I know the Maimi Hurricanes' Nevin Shapiro scandal is yesterday's news, but I'm not really sure if anyone has posted anything concerning how it affects Florida State, at least in the record books. I'm sure we can all assume how much more of a recruiting monster Florida State will become/continue to be over the next several years with virtually no good talent wanting to play for a heavily sanctioned program that, at the very least probably won't be on TV, or competing for any championships or playing any post-season games in the near future.
I just realized that whatever punishment is dealt out by the NCAA against Miami for the Nevin Shapiro scandal, assuming wins will be vacated, FSU may end up with a lead in the rivalry in the very near future. Miami leads all-time 31-24 with wins in 1951, 1953, 1955, 1956, 1957, 1959, 1960, 1962, 1973, 1975, 1976, 1977, 1980, 1981, 1983, 1985, 1986, 1987, 1988, 1990, 1991, 1992, 1994, 2000, 2001, 2002, 2003, 2003 (Orange Bowl), 2004, 2007, and 2009. Don't really like getting ahead that way, but since they got several of their wins in the '50s and early '60s before Bill Peterson or Bobby Bowden built a program, I gotta say it's better than waiting at least seven years to take the lead. I'm assuming "da U" could lose the wins from 2001, 2002, the regular season game and the Orange Bowl from 2003, 2004, 2007, and 2009? If so, this would also vacate all three of Miami's Florida Cups.
I, for one, have mixed feelings concerning Miami's potential death penalty. I do see and acknowledge that a half-way decent Miami helps Florida State in strength of schedule, it also ensures television viewers, game attendance, and national attendance in the ACC, and namely during the rivalry game. There is another side, however, that realizes that if Miami were to receive the death penalty, that it couldn't happen to a more deserving group of thugs. This is just my opinion, of course, but no school or program has ever so blatantly and regularly violated NCAA rules. I believe Miami has run a very dirty program for at least thirty years, since at least the Jimmy Johnson era, often times playing dirty ball, and recruiting many, many players who carried themselves as completely class-less individuals. Many of the arguments I have heard against Miami receiving the death penalty argue that it isn't fair to punish a bunch of innocent kids for the actions of players before them. This argument seems to completely ignore the fact that several of the allegations involve several current Miami players. Why wouldn't the NCAA issue the death penalty? They've obviously taken lots of wins and scholarships, post-season play, and television appearances from lots of innocent student-athletes because of a few guilty parties in the past, and practically every one of those have been for lesser offenses, over a much shorter period of time. Even SMU's offenses that resulted in the death penalty seemed tame to many compared to the indiscretions of so many Miami players over the last decade.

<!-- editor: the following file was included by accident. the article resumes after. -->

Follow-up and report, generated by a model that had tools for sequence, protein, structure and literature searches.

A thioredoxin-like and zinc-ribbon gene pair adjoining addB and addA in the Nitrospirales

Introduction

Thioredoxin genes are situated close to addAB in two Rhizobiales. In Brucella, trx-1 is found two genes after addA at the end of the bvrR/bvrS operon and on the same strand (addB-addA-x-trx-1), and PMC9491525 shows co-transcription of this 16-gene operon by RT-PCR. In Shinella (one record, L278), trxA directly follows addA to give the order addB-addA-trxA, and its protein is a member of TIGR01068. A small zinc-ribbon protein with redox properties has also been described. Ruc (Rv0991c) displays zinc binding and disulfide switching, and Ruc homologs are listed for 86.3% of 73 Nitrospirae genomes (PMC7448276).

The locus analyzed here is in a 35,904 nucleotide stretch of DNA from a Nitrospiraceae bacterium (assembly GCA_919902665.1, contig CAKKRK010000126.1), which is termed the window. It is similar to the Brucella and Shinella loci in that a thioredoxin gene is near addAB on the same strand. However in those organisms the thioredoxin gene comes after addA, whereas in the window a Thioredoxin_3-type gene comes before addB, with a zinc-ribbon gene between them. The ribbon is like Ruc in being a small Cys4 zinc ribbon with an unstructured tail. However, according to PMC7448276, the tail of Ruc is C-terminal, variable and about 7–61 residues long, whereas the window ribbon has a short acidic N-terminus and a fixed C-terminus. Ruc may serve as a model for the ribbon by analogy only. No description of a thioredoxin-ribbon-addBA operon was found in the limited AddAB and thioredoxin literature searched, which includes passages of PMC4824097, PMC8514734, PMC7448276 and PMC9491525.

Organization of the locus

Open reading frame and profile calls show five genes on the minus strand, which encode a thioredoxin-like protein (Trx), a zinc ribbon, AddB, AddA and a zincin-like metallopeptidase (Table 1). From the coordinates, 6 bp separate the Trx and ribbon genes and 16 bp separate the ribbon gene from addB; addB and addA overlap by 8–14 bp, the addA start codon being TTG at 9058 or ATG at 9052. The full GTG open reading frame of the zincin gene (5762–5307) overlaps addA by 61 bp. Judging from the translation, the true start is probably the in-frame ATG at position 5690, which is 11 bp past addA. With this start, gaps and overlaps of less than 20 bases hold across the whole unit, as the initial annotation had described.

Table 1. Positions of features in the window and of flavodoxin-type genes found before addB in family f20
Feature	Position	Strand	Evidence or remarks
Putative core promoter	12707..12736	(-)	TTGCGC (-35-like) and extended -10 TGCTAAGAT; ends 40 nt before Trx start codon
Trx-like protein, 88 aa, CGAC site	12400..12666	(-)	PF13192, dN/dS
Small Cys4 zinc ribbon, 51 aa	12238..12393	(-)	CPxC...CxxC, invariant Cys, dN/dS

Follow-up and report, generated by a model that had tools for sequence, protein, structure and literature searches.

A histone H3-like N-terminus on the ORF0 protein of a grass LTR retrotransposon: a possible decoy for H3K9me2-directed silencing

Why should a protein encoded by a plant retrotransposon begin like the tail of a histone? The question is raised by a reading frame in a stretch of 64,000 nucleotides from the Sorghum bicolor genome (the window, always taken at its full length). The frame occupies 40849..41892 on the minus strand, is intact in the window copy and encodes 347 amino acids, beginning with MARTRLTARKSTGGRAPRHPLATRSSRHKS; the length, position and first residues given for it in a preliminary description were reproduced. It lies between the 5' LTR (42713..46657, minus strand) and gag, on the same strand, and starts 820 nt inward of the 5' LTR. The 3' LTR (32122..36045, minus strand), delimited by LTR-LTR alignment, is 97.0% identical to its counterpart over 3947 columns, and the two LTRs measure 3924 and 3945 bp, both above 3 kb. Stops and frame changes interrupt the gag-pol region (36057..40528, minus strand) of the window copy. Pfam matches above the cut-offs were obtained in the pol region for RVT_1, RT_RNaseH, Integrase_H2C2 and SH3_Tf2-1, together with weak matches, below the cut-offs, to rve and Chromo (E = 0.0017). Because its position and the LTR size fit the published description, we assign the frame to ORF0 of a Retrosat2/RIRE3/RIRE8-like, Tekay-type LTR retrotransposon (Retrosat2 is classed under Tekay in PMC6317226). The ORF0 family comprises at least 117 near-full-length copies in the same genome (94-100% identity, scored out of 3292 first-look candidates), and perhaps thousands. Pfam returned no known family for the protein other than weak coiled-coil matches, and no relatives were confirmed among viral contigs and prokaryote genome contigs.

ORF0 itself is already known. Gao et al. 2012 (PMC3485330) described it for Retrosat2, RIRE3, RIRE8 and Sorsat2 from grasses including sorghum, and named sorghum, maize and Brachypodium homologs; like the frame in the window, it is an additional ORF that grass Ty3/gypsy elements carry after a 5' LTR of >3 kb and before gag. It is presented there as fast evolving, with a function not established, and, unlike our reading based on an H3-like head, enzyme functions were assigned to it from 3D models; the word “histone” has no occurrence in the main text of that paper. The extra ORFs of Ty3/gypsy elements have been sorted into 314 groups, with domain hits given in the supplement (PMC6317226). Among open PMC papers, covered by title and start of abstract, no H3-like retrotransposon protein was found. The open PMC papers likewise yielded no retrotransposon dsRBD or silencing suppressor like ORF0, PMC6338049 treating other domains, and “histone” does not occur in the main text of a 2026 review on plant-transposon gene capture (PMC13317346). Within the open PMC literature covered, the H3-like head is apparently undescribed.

Which benefits Florida State more: having a decent rival that adds to strength of schedule, helps gain national attention and television viewrs during the rivalry game, or a crippled Miami, turning over even more good recruits Jimbo who may have otherwise been Hurricanes, and leaving the Miami-Dade County/south Florida region for the Seminoles' picking? Do you think it helps Florida State in recruiting as well as prestige with Miami unable to boast a winning record over the Seminoles? I for one, am definitely in favor of Miami losing as many wins from the years of the scandal as possible. I don't particularly like getting ahead in the rivalry that way, but Miami got several wins ahead of the Seminoles before the Seminoles developed a program, and since then, it's been pretty much back-and-forth. It would be at least seven years if the Seminoles won every game in the series during those years before the Seminoles could take the lead. They probably would not win every one, so it could be a very long time. I'll take it. It's a lot better than still having both other the other two "Big 3" leading the series by a decent margin. Unfortunately, it will be a long, long time before the Seminoles catch the Gators.